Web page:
Sunday, January 3, 1999

The First of January

For a moment upon wakening, she forgot that it was the start of 1999.  But then, looking over at her husband's side of the bed, she saw him smile and heard his New Year greeting.

She stretched and returned the greeting, adding, "The millennium minus one."  He corrected her that it was actually the millennium minus two. 

She continued her thoughts to herself.  He's wrong.  The new century will begin in ONE year, not two.   I couldn't have been more than seven or eight when I heard my older cousins talk about the turn of the century.  They didn't call it the millennium; they called it the year twenty-hundred.  I remember how delighted I was with the idea of a far-off party year -- especially the noise makers and the fireworks and the dancing in the streets that they said would be part of it.  Looking back, I think that was the first awareness in my young brain of the passage of time.  It scared me a little, but not much.  Mostly I was fascinated with the idea, because back then there was an eternity of life ahead of me, and each day was not one whose passing was lamented, but rather, one to savor and watch unfold like a story on a moving picture screen.

I remember wondering then if I would still be alive to share in it -- the year twenty-hundred, that is.  I guessed I'd be awfully old --  maybe too old to even know it was going on --  maybe even in a wheelchair.  Or dead. 

And so now here we are, and this morning twenty-hundred is just a year away, and I'm sixty-eight, and it looks like I have a good chance to make the party after all -- maybe even free of a wheelchair and with enough brain cells left to know what's going on.  I sure hope so. 

She smiled and got out of bed.  "You go ahead and shave, dear," she said, "and I'll go start the coffee."

"Mrs. Williams was her name," she told him later at breakfast, the thought erupting aloud, out-of-the-blue.  Somedays (like today, for some reason) she had trouble controlling that.

"Whose name?" he asked.

"Mother's laundress," she said.  "Only, why she had to have a laundress during the Depression, is more than I could ever figure out.  Especially since to save three-cents-per day during the week, we bought a newspaper only on Sundays.  I guess it was because my dear dad gave her almost everything she even hinted at.  They were very much in love.  She was just beautiful.  It was hard for me to not feel like an ugly duckling."

"Ridiculous!" her husband said, and buttered his toast.

"She had two sons, Bailey and Mackey.  Mrs. Williams, that is.  I thought they were such neat names.  I used to imagine what they looked like.  Bailey was already working.  Mrs. Williams said Mackey was very bright and would be going on to college.  That's why she was a laundress."

"They probably didn't make more than a buck-fifty per day," her husband said.


"Laundresses during the Depression.  When you think about it, he probably put the eighteen cents he saved per week toward the cost of her wages."


"Your Dad."


For a moment then, silence reigned in the kitchen, except for the sound of crunching toast and the faint hum of  the refrigerator's motor.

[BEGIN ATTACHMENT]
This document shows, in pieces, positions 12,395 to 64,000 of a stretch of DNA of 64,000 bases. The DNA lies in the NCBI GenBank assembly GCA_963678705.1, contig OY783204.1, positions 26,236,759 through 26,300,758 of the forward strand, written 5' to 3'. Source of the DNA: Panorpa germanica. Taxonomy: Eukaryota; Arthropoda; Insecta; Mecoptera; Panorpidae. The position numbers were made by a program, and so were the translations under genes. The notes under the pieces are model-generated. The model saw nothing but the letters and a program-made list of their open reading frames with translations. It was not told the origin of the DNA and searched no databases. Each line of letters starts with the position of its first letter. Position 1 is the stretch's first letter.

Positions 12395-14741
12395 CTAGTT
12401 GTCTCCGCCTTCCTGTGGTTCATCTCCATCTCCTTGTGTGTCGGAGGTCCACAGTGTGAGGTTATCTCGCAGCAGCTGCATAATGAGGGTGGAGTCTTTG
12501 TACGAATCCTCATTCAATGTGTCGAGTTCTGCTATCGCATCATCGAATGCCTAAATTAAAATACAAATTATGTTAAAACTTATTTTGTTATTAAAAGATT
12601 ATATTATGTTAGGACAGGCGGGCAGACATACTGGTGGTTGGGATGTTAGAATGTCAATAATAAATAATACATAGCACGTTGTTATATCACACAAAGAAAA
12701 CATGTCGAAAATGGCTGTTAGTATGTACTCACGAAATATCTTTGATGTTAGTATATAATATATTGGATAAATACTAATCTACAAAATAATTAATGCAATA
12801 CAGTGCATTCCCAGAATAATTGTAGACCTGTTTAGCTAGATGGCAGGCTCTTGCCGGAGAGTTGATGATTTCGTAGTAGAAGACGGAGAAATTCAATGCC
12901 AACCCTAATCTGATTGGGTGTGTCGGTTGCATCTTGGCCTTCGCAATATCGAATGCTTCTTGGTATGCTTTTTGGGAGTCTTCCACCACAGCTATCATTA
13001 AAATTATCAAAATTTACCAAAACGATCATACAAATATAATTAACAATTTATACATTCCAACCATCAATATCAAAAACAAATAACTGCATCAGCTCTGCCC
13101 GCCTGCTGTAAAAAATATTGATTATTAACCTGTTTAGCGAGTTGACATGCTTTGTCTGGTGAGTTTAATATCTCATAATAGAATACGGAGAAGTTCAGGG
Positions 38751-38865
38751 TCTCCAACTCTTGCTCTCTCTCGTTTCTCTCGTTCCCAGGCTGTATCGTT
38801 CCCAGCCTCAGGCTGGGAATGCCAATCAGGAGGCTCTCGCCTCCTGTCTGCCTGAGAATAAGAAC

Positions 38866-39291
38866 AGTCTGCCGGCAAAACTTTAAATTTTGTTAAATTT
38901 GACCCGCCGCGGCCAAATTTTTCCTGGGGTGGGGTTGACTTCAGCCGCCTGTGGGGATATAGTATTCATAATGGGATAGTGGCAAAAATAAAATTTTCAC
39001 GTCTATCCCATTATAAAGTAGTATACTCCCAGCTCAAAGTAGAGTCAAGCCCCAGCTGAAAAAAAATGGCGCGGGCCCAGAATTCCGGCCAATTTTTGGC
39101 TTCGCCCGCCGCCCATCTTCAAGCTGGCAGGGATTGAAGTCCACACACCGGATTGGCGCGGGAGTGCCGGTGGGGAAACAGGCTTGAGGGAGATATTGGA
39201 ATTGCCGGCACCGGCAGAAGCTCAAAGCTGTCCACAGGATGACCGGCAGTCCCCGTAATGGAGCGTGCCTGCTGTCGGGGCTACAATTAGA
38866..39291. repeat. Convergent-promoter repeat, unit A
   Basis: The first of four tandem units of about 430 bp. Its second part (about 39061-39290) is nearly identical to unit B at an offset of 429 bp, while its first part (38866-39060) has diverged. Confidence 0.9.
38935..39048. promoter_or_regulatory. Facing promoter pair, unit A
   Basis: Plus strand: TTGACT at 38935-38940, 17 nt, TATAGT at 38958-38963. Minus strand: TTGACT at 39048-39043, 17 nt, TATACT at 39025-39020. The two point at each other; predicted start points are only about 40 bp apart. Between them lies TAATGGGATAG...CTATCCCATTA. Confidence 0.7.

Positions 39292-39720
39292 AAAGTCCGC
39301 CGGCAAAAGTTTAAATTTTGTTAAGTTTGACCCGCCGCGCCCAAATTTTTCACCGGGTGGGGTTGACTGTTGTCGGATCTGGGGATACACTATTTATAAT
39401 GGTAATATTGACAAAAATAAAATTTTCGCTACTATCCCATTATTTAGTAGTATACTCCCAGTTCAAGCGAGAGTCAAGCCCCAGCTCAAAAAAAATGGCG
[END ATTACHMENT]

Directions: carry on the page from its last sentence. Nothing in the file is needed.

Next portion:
"Anyway, she used to take me in her lap before she would leave, and tell me to give her a nice hug to last 'til she came again the next week."

"Mrs. Williams?"

"Yes.  She used to get all dressed up again before leaving to catch a trolley home to the Knoxville section of town.  She put lots of face powder on, too, and it smelled so nice, and she looked so pretty and slim and chocolate brown, and I remember thinking that someday, with all that powder, she might turn out white like us, and the idea made me happy.  How dumb I was!"

"We all were."  

"I tried once to give her a penny out of my birthday money, for Mackey, for when he went to college, but she told me I must save my money so that I could go to college someday myself.  I guess I loved Mrs. Williams.  She used to dampen Daddy's handkerchiefs and, with creases made sharp by the heat of the heavy iron, she would fold them in half, then in fourths, and then into eighths.  She would give each handkerchief a final stamp with the iron and stack them at the end of the ironing board until all the week's supply was done. Then she would hand them to me, the top one still warm.  It was my job, she said, to put them in Daddy's dresser drawer.  She made me feel necessary.

"She came on Tuesdays and would spend the whole morning in the basement washing clothes.  We used to call the basement the cellar in those days.  I wonder why?   If it wasn't too chilly a morning, I would go down and watch her lift the dripping clothes out of the tub of the washing machine and feed them into the wringer.  We had one of the fancier washing machines of the day -- an Electrolux, I think.  Our wringer was electric, not hand-cranked.  She would tell me to be sure to not come near the wringer, that a little boy once got his arm caught in one and they had to cut the poor little mangled limb off at the elbow.  I had nightmares about that story, until my mother told me it was just Mrs. Williams' way of keeping me safe from harm.

  "About noon, the washing done, she would came upstairs and my mother would have a nice lunch for her.  Usually, I would be allowed to sit and eat with her, especially if it was creamed chipped beef on toast, which I just loved, or Campbell's Cream of Tomato Soup and grilled cheese sandwich.  I would scrunch about twenty-five saltines in my soup.  Mother said that was not polite, but Mrs. Williams just smiled at me and said it was okay as long as it was just the two of us."